Toronto –Thousands of jobs and millions of dollars in investments could be leveraged by taking action on a suite of environmental initiatives, say 24 of Ontario’s leading environmental organizations.
Whether it is unlocking the province’s tremendous green power potential, safeguarding some of the planet’s largest fresh water supplies or getting out in front on carbon cap-and-trade, there is a growing global consensus that major benefits will go to jurisdictions that take the lead in greening their economies, the groups point out.
Today, the groups unveiled a set of seven major environmental priorities for Ontario as part of the largest joint endorsement of environmental policies in the province’s history:
developing a continent-leading carbon cap-and-trade system;
following through with promised protection for the vast northern boreal forest;
cutting the use of toxics by 50%;
powering up a renewable energy industry;
procuring healthy sustainable food for public institutions from local farmers;
creating a coordinated action plan for Great Lakes health;
making transit work for communities across Ontario.
“These are all actions that will make Ontario a better place to live, work and invest and they are all actions that we are already, to a certain degree, working toward. But given the current economic climate, it only makes sense to direct stimulus efforts to these areas to get the full benefit of a cleaner, greener economy,” says Kristopher Stevens, executive director of the Ontario Sustainable Energy Organization.
“Ontario could be hugely successful with a green economic transition given our skilled workforce, high education levels, and tremendous natural advantages,” adds Dr. Anastasia Lintner, staff lawyer and economist with Ecojustice. “We need to be in the forefront of developing the solutions the world is looking for to create a more sustainable future.”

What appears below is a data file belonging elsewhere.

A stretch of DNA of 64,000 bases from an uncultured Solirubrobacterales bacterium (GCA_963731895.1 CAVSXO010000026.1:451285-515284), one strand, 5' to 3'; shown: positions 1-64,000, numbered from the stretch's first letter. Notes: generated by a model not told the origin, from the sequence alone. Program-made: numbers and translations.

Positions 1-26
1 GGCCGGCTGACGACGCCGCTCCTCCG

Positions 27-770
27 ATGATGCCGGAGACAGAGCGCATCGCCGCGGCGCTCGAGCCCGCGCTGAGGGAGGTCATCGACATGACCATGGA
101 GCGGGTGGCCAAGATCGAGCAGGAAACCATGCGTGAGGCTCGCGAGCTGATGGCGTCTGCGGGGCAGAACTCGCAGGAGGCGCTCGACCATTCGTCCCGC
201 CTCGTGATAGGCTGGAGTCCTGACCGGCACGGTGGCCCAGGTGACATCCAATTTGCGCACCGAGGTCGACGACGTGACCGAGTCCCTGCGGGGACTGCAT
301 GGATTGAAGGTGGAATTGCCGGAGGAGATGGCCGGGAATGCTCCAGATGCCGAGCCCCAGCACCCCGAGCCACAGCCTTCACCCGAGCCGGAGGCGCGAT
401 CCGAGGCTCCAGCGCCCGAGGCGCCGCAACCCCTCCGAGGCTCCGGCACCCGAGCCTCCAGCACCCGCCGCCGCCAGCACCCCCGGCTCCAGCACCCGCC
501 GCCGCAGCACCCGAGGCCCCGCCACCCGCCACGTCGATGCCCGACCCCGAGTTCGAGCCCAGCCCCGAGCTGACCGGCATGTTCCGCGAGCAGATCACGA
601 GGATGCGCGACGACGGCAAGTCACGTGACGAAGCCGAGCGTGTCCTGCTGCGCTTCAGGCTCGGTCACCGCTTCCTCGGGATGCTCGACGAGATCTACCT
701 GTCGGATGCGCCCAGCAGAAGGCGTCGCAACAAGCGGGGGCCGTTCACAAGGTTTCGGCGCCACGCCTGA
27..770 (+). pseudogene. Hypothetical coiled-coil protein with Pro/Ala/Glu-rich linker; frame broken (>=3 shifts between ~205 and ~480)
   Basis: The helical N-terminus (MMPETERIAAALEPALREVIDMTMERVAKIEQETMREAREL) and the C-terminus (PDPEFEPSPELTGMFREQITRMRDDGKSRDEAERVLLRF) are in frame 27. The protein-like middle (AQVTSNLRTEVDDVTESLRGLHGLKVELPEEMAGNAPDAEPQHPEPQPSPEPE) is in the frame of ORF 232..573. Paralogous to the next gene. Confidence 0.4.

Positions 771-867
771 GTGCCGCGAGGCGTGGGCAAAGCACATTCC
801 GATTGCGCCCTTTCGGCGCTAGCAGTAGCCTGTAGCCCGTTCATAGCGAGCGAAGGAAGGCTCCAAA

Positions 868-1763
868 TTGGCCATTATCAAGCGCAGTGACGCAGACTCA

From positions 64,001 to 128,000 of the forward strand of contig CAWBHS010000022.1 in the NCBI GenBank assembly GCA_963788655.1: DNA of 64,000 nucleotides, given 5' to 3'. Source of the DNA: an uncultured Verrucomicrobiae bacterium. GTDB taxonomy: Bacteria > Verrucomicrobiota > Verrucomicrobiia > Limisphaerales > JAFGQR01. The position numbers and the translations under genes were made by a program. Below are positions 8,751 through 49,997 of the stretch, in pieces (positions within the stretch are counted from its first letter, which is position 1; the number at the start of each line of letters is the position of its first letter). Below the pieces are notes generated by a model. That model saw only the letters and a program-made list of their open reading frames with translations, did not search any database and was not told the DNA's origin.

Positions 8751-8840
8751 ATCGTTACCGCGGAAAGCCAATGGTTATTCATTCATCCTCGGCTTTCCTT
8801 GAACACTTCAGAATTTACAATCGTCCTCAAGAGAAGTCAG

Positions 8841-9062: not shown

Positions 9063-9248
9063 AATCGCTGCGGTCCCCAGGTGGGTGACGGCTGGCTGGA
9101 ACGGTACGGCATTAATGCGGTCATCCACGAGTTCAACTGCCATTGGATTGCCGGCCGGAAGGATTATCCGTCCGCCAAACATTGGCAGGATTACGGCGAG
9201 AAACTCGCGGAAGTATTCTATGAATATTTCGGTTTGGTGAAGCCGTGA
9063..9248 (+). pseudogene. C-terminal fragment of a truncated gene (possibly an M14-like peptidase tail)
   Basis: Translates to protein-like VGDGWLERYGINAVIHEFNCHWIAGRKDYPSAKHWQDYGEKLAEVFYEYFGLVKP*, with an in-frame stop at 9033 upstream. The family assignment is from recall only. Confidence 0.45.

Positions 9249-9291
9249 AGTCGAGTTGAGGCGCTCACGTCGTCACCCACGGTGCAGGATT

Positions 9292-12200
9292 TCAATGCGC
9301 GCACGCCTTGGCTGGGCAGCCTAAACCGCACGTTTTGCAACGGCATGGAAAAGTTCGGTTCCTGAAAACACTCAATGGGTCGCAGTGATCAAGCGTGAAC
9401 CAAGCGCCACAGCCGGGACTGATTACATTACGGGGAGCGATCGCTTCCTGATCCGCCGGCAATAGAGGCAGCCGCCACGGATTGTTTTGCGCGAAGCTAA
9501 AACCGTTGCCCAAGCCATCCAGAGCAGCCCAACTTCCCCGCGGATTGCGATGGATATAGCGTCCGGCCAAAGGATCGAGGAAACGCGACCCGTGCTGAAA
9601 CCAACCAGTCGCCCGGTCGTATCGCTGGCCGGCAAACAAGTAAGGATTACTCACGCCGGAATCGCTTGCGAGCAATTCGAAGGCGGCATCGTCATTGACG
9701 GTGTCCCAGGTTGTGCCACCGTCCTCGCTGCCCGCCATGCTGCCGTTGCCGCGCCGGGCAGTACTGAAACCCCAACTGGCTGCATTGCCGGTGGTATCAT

“Right now, we have only scratched the surface of the power of green. The United Nations says the market for green goods and services is likely to double in next 10 years. Ontario needs to develop a global reputation as a major green economic centre,” continues Lori Stahlbrand, president of Local Food Plus.
One of the best ways for Ontario to signal its seriousness about being a green leader is by developing a robust carbon cap-and-trade system. Such a step would be a green light for dramatically improving our economic efficiency and productivity and for developing new technologies and services that lighten our carbon footprint.
“Now is the time to be thinking – and acting – green,” says Theresa McClenaghan, executive director of the Canadian Environmental Law Association. “Not only will we benefit from cleaner air and water, healthier cities, green spaces and wild areas, we will also be better off economically and we will leave a more sustainable world for our children.”
A full description of the environmental priorities endorsed by the 24 groups is available at www.GreenProsperity.ca (en Français www.prosperiteverte.ca).
The groups endorsing this initiative are: Anishinabek of the Gitchi Gami Environmental Programs, Canadian Association of Physicians for the Environment, Canadian Environmental Law Association, Canadian Institute for Environmental Law and Policy, Citizen’s Environment Alliance, Community Power Fund, Coalition on the Niagara Escarpment, Conservation Council of Ontario, David Suzuki Foundation, Earthroots, Ecojustice, Environment North, Environmental Defence, Forest Ethics, Great Lakes United, Greenpeace, Local Food Plus, Ontario Nature, Ontario Sustainable Energy Association, Pembina Institute, Sierra Club Ontario, Toronto Environmental Alliance, Wildlands League, World Wildlife Fund.
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Green Living Communications